I always thought I'd make a good psychoanalyst. My standard reply to any patient would be "Oh, come off it!"
That's my first impulse after reading your post, Nell. Voice in the wilderness? Cassandra? Gimme a break.
There can't have been a more widely predicted stock-market crash in the history of mankind than the correction that began in April 2000. Everybody knew they were participating in a bubble, and those of us on the sidelines knew we were watching one. Everybody knew!
Alan Greenspan coined the term "irrational exuberance" in 1996. What year of the 1990s passed without a business magazine cover on Outrageous CEO Pay? Who could forget the stirring "valuations" debate, in which various jokesters tried to come up with far-out explanations of Amazon's or Cisco's or Priceline's market cap? Great fortunes were being created out of the air. How could that fail to be interesting? So, CNBC covered the hell out of it, and CNBC itself became yet more fuel on the bonfire.
You're right, though. This all happened before—the combination of popular enthusiasm for stocks and corporate fraud. You'd think we'd try to understand the circular nature of the causation better.
The media are weird, though. You know a story has achieved the status of monument when reporters prefer to mythologize it rather than say what actually happened. I guess reality is just too interesting to do justice to. Instead they resort to off-the-shelf narrative devices and standard clichés of the "evil businessmen did this to us" variety. Come to think of it, there's gotta be a psychoanalytic issue here—explaining both the New York Times coverage of the bubble aftermath and the Pulitzer Prize it won, though maybe I should save it until I'm retired on a fortified island.
Oh, well. The story has its true elements, too. A great deal of paper wealth was created in the bubble, and a much smaller proportion became cash and changed pockets. The hunt now is to make villains out of those who benefited because they managed to extract cash out of the bubble. So, the targets include Wall Street bankers who minted IPOs and company executives who sold at the top. Sooner or later, I suppose, the mob will catch up with the venture capital industry, which slapped a logo on any idea that came through the door and offered it to the public as youroldunderwear.com.
Of course, we're not criminalizing any office clerks or junior vice presidents and ordinary shareholders who also sold at the top, though thousands did. For that matter, those cast in the unfortunate role of "greater fool" are also to be found on both sides of the social divide. George Soros was a latecomer to Internet investing and got killed, as did any number of less well-known fund managers. But we're not shedding tears for them.
Anyway, now the lesser-greater fool (who also happens to be voter) has found his champs in Eliot Spitzer and Rep. Greenwood and assorted ambulance chasers. I have zero sympathy—the bubble was a bit of nudge-and-wink between the Internet entrepreneurs and their serendipitous co-conspirators in the day-trading community. These people invented this game, and some may have been lucky enough to cash out before the whistle blew. But whether they did or not is their problem and not a public policy issue.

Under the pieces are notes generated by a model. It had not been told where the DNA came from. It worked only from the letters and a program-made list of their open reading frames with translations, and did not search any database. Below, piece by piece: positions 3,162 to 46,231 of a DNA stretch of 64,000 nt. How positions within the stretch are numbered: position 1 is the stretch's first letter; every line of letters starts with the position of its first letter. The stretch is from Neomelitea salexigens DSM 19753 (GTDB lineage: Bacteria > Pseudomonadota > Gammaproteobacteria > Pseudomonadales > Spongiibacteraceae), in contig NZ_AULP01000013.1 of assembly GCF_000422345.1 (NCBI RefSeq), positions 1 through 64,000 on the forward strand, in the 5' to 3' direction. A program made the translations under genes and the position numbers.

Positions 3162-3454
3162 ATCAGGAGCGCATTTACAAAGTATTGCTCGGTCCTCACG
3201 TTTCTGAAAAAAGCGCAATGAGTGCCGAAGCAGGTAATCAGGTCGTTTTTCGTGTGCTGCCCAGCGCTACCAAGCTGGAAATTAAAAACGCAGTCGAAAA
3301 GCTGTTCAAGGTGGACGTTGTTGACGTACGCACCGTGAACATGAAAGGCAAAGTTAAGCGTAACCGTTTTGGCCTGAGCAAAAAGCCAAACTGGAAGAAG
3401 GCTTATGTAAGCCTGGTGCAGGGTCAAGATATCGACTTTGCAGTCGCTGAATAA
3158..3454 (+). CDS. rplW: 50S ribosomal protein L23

Those words, by the way, are a paraphrase of something I wrote in the middle of the bubble, with only the tenses changed. To say as much now is an official gaffe—as in Mayor Mike Bloomberg's comment last week: ''People who were buying stocks in the stock market at multiples that never made any sense should look at themselves in the mirror."
He's right even though he's been pilloried. Everybody I know who participated in the bubble was openly and unembarassedly speculating on the behavior of other players to send prices higher. They didn't pretend to know or care about the cash flows of the underlying businesses. Much of what has us rending our garments now—Enron, WorldCom, Global Crossing—is a direct consequence.
When companies no longer see their share prices as a rational measure of market confidence but as a high-wire act to be maintained, they make the wrong decisions for the wrong reasons—which readily elides into fraud. It's unfortunate but not unexpected, too, that the market singled out real opportunities—the Internet, telecom, industrial deconstruction—to become the focus of such distorted incentives.
My favorite example is Al Dunlap, the notorious "Chainsaw" whose parachuting into Sunbeam caused its share price to rise beyond any reasonable valuation. Al was supposed to spruce up the company and sell it. But no buyer wanted it now at the suddenly rich price, and Poor Al was stuck actually running the company—leading to a famous pre-Enron accounting scandal when he tried to keep the game going by channel-stuffing barbecue grills.
Anyway, wasn't our subject supposed to be "business ethics?" I don't believe ethics exist as an independent quantity from individuals. What fluctuates are opportunity and incentive. When both are plentiful (as they were in the bubble), there will always be opportunists who will seek to take advantage even as higher-minded, self-denying types step to the sidelines. No "reform" or any preachments about ethics can change this.
We'd have fewer occasions for hand-wringing, though, if we had "good" stock prices—i.e., prices that reflect fundamentals rather than attempts to profit from market psychology. CEOs find it a lot easier to lie in an environment where nobody is interested in the truth.
That's why I love the advent of single-stock futures in the Chicago trading pits. These were outlawed for decades but have come along in the past year or so and should make it easier and cheaper for the average investor to short the next bubble stock. Bubbles will be less likely to occur in the first place—with less temptation for businesses to do dumb or sleazy things.